Dealing with Separation Stress and Anxiety in the Classroom

All teachers know too well the tears and loud sobs as a kid begins pre-school, kindergarten or the infant toddler community. However did you know that even older kids feel some stress and anxiety about visiting a new school, or leaving for the first over night stay away from home? As an elementary teacher I was extremely shocked when some of my sixth graders shed tears and appeared extremely distressed as they said their goodbyes to their parents prior to boarding the bus to go to Science school, which included a staying away from home for 3 nights! Any modification of routine, particularly one that takes the kid far from familiar environments is extremely overwhelming, no matter the child’s age. What I pertained to recognize after my long tenure at Arborland Montessori preschool is that feeling some separation nervousness is normal, and it is a part of the child’s growth. It is a phase the kid has to pass through, a part of becoming a well adjusted independent member of society. It is a phase the kid will go through and readjust, and you will be surprised at how quickly that takes place!

Now that I, as your kid’s teacher, have ensured you, it does not make it much easier to leave with your kid protesting and sobbing. In some cases I think it is much easier for the kid than the parents. You are leaving your kid with professionals who know how to comfort, sidetrack, and assist your kid to relax. However what about you, who will assist you? You go off to work with guilty, thinking what an awful parent you are, leaving your kid when he/she needs you most. Dear parents, believe me, you are being the very best parents in the world, you have just done a wonderful thing for your treasured kid, starting him/her on the path of independence.

To assist you, the parents, handle this worry, let us examine why the kid protests so vociferously, making you feel miserable and guilty. Recall when your child was little, and you left the room the sobbing would begin. This is due to the fact that your child only knows your immediate family, and has actually not yet learned the meaning of time. The child feels if a familiar face is missing, it’s gone permanently. Have you played peek-a-boo with a small child? When you at the beginning hide your face, or go behind a door, the immediate response is worry and nervousness. Then when you pop out, there is relief which leads to gales of giggles and the child wants you to do it again and again. Why is that? I think the child is checking to see that you will magically come back each time. In time the kid begins to accept the truth that even if he can not see you, you are still there and will return. What is taking place here is a normal trusting bond being developed in between you and your kid.

When the kid first goes to school, a similar new healthy bond will be formed. Now the kid is getting in an entire new unfamiliar location, and the insecurities will surface once again. The kid needs to know you are not deserting him, and you will return. Here are portals which you can assist yourself and your kid with this period.

1. Prepare your kid by leaving him for short durations, perhaps with a sitter or a relative, and constantly return within a given period. After a while it will seem like playing peek-a-boo, “oh yes, mommy left, except she returned quickly”.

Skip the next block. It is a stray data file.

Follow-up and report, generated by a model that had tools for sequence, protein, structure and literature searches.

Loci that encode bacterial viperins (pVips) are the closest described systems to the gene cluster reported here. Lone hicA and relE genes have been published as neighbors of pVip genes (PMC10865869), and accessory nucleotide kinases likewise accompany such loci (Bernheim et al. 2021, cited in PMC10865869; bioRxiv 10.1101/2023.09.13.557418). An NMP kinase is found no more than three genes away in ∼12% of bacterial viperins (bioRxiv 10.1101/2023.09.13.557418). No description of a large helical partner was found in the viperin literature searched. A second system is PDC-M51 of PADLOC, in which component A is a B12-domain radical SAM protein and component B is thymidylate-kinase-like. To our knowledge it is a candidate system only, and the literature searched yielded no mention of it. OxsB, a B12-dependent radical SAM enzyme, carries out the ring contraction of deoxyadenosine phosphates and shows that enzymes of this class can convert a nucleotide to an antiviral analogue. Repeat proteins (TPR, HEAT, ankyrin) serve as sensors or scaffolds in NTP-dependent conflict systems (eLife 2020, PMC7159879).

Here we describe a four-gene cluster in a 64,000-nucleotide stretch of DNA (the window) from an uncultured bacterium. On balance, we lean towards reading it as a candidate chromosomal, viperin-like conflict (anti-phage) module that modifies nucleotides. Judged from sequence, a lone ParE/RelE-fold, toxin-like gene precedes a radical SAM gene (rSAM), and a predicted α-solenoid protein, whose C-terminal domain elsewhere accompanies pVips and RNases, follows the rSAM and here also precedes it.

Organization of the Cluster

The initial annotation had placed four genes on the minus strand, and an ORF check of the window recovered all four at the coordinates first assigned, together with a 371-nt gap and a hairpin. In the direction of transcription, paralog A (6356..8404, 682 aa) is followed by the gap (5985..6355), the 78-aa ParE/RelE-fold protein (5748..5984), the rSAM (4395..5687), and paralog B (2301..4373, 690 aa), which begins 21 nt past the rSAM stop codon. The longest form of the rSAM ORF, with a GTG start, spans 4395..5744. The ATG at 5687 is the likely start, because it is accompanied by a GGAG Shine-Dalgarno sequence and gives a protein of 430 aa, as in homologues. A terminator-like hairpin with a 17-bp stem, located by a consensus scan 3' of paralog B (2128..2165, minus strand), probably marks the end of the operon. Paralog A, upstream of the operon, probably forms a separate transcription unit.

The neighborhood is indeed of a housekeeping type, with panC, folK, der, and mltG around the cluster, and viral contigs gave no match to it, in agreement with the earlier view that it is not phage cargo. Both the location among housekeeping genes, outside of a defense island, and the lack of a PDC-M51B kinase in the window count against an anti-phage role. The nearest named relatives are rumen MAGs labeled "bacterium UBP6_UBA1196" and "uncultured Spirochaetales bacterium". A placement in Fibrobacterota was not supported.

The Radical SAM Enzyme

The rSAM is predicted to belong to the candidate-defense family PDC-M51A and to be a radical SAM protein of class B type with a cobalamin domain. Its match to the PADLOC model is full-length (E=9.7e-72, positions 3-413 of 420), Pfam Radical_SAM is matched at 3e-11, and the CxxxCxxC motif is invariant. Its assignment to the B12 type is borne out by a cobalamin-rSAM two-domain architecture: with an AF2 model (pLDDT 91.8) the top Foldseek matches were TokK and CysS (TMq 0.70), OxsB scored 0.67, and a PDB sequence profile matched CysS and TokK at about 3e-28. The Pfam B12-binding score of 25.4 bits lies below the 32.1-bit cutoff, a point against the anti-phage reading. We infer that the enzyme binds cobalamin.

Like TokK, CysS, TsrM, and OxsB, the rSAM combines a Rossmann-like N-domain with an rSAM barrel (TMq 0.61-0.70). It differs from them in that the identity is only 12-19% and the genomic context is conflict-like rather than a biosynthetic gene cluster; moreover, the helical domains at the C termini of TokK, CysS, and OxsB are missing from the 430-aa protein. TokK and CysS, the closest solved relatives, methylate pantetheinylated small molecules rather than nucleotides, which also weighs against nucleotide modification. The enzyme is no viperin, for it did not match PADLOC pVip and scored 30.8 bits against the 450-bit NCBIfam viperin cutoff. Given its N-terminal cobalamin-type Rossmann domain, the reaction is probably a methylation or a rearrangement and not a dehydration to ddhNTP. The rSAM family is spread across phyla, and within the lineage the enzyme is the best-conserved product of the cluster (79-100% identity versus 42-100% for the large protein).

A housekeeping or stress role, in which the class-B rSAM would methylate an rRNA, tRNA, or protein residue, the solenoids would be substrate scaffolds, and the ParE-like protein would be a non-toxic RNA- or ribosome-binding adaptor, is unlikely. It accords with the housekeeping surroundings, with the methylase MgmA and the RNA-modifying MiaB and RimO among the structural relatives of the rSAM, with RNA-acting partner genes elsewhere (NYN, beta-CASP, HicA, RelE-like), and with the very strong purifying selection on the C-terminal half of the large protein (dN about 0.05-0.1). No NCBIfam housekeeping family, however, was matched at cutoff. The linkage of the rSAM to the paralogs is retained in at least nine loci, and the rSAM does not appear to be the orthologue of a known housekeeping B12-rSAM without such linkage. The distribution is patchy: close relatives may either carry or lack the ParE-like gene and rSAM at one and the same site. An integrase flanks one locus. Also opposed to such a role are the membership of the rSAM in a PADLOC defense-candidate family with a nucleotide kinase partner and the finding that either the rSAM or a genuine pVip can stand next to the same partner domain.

2. When leaving your kid at school, remain calm; do not project your worry on your kid. Do not work out with your kid, “Okay, just this once I will stay with you a little longer”. If you do that, the kid will be louder the next day as he has actually found out that this works. Offer him a fast kiss/hug goodbye, and leave instantly. Do the same thing every day, no matter how loud the objection.

3. Withstand the urge to stick around in the background, hide behind a pillar or a tree just to see how the kid is coping. Believe me your kid is with skilled professionals, and if you might only see how quickly the sobbing stops, you would be shocked. Naturally some kids take longer than others to settle down, and the school has plans in place to assist these kids. When I was new at Arborland there was one kid who took longer than typical to settle down, and it took me some time to recognize that instead of driving off, the mom was sitting in the parking lot, the kid might not see his mom except he might see the car! As long as the kid knew his mom might hear the cry he continued at full volume. Please assist yourself and your kid and leave quickly.

4. Always tell the kid who will pick him up at a given time, for example: after lunch or after nap time, and constantly show up on time. By doing this the kid will start to recognize he can rely on you, and the self-confidence will expand.

5. Make sure the kid is not starving or exhausted in the early mornings, as this will make him cranky. The kid requires a good night’s rest and a healthy morning meal prior to coming to school.

6. As moms and dads, it’s essential to establish a trust with the school and your kid’s teacher. Make arrangements with the teacher to call within a given period to check on how well the kid has actually settled, or request the teacher to call you.

In conclusion I would like to guarantee you that sobbing and being unwilling to part from you on the first couple of days of school is a really normal process in the child’s advancement, and it is a transient, short-term phase. In the unlikely occasion that this phase continues on to the elementary level, medical assistance would be needed, and there could be various other underlying reasons which would have to be looked at. In all my years of teaching I have never experienced a case where the kid has actually not settled in to the school routine in a matter of weeks.